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U.S. Securities and Exchange Commission

Speech by SEC Chairman:
Videotaped Remarks at the 17th XBRL International Conference


Chairman Christopher Cox

U.S. Securities and Exchange Commission

Evoluon World Class Conference and Exhibition Center
Eindhoven, Netherlands
May 7, 2008

Good afternoon. It's a pleasure to be with you for another gathering of the XBRL community — this time in Eindhoven. I notice we have registrations from 37 different countries. That's the most diverse group ever for one of these conferences. In fact, it's 10 more than the previous recor. With over 300 participants, I have no doubt that this gathering will be a great success. And for that, much of the credit goes to our hosts.

I'd like to acknowledge the several senior officials of the Dutch government who are in attendance, including the State Secretaries of Justice and Finance. To each of these distinguished leaders, thank you very much for your hospitality. It has been my privilege to attend several of these recent conferences, and I've always enjoyed the opportunity to talk to many of you, to see the state of the art, and to tap into the excitement that all of you are bringing to the important task of making business reporting easy, transportable, and transparent.

It is particularly appropriate that this conference is taking place right here in the Netherlands. In many ways, our highest aspirations for interactive data are being achieved in the Netherlands, because of the pioneering work by Harm Yon von Berg and the many members of the Dutch National Taxonomy Project. You've done a wonderful job in beginning to knit together the many different filings and submissions to the Dutch government. And your effort is no longer unique. That's precisely because your inspirational work has stimulated other national efforts. So congratulations on this continuing initiative, and thank you for playing such an important role in pushing interactive data further and faster.

Thank you also to Yon Possmoy, the chairman of this event, for your hard work to make this possible. Thanks also to Tony Fragnito, the CEO of XBRL International; Michael Ohata, the chairman of XBRL International; and the entire board of XBRL Internationa,l for your continued leadership in growing interactive data into its preeminent role as the computer language of business and financial reporting for the world.

"Growing into its role" is really an accurate statement of how XBRL is progressing worldwide. And it is reflected in part of the title of this conference — "The Evolution of Business Reporting: XBRL in Action."

As cutting edge as XBRL seems, it is turning 10 years old this year. Thanks to the original brilliant insights of Charlie Hoffman and a handful of other pioneers who conceived of and developed XBRL's core concepts in 1998, all of us are here today. And yet, even though 10 years is a lifetime in technology, there are still many issues to resolve, and challenges to face.

The evolution of this technology is ongoing. But at this conference, we are properly focused on using it now. We want to get it rolled out, not just talked about, in financial markets across the globe. This conference is very much about "going live" with interactive data.

For inspiration, we need look no further than right here in the Netherlands, and even right here in Eindhoven. This nation has long been an incubator for interoperability (even though, half a millennium ago, no one called it that). The people and traditions of the Netherlands long ago created one of the world's most hospitable environments for the free exchange of information. Some of the greatest technological innovations in commerce and banking, including the innovation of the corporation, trace their origins to this place.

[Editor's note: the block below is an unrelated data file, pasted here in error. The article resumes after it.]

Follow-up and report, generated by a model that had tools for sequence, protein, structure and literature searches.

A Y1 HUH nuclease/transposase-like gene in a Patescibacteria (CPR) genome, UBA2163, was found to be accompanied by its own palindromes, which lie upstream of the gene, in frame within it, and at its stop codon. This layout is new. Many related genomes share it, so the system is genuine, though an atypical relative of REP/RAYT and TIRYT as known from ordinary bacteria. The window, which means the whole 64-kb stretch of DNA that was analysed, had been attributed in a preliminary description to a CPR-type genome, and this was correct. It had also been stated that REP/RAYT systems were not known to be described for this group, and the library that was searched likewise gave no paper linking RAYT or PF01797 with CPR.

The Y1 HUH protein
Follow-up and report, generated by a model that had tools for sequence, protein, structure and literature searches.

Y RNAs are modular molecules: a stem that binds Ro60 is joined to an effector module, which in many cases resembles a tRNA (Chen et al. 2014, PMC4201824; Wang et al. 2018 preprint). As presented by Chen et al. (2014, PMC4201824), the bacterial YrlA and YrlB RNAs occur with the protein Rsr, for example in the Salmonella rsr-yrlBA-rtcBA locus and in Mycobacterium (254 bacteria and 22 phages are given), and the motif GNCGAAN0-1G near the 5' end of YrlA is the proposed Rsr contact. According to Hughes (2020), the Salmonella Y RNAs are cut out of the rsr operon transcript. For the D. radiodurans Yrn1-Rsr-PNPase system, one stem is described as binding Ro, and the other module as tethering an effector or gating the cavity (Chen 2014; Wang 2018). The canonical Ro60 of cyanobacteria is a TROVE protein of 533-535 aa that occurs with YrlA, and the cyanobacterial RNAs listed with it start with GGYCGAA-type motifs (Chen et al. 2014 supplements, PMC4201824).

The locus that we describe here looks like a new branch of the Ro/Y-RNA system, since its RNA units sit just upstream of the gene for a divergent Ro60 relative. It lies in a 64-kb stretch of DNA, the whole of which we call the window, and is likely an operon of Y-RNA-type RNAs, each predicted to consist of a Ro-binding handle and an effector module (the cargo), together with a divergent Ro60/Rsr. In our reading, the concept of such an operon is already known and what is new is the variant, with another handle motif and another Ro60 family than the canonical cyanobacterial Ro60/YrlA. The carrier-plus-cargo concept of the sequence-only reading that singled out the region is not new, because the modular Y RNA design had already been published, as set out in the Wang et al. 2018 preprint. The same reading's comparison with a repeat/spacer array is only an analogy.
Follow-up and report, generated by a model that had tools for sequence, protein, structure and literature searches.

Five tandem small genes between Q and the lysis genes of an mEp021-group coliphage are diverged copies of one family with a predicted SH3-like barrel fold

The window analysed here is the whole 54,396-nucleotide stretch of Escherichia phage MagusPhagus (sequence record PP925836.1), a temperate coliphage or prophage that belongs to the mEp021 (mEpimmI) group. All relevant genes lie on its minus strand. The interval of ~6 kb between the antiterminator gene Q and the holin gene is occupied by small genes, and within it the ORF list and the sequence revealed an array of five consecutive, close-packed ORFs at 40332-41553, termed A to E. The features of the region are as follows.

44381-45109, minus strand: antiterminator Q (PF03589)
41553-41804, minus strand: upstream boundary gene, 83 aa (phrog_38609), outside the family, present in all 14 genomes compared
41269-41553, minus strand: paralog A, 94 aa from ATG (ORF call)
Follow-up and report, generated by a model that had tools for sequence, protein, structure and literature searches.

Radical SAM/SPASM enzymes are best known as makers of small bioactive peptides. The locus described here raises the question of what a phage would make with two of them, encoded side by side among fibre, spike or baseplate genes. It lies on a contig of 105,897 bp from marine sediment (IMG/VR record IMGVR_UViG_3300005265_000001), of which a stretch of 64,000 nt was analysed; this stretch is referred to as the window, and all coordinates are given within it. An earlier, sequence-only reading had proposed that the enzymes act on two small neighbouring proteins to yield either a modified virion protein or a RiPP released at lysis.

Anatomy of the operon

When the Philips Brothers built their first light bulb factory here in Eindhoven in 1891, they may not have imagined the worldwide electronics empire it would become. And today, just as light bulbs from Eindhoven swept the world, we can take pride in knowing that interactive data is beginning to sweep the world from the brilliant example of its implementation right here through the Dutch National Taxonomy Project.

XBRL is indeed going global. That's especially true when it comes to financial reporting. China, which was the first country to require it for public company regulatory filings, has since been joined by Singapore, South Korea, Israel, and Japan as countries that mandate public financial disclosures to be submitted in interactive data. Since XBRL has gone live in all of these nations, thousands of companies have been submitting their financial statements in interactive data. And investors are already gaining the benefits.

Perhaps you don't know Chinese, or Korean, or Hebrew. That's no problem for interactive data. Just hit the toggle on the Israeli "Magna" system, for example, and you'll see what you need in English. Since this is so obviously what computers were made for, it's hard to believe investors could never do this before.

And in dozens of other markets — in your countries and on your exchanges — regulators and companies are considering similar steps, initially through voluntary filing programs and taxonomy development projects, and then through standard filing requirements. Just this morning you've heard from Paul Madden about the progress in the Australian Standard Business Reporting initiative. And we've heard from Eddy Wymersch about how the Committee of European Securities Regulators is using XBRL. These are exciting developments on the way to using interactive data to improve the way both businesses and governments get their work done.

As most of you already know, the SEC will be discussing a rule later this month that would set a firm schedule for using interactive data in public company filings in the United States. The fact that we are taking this step reflects the confidence we've gained from our own voluntary filing program, and also the significant learning we've gained from many of you who are attending this conference. Of course, we're hoping that we'll soon be able to share our own success story with you at a future conference.

As we look forward to interactive data becoming standard for U.S.-listed companies, we can thank XBRL-US, the U.S. jurisdiction of XBRL International, for their outstanding work in developing the complete set of data tags that public company filers will use with the SEC. This is a real landmark for investors. I want to congratulate XBRL-US, our national XBRL standard setter, which is represented here by its chairman, Al Berkley. I also want to thank their CEO, Mark Bolgiano, who is in the United States this week.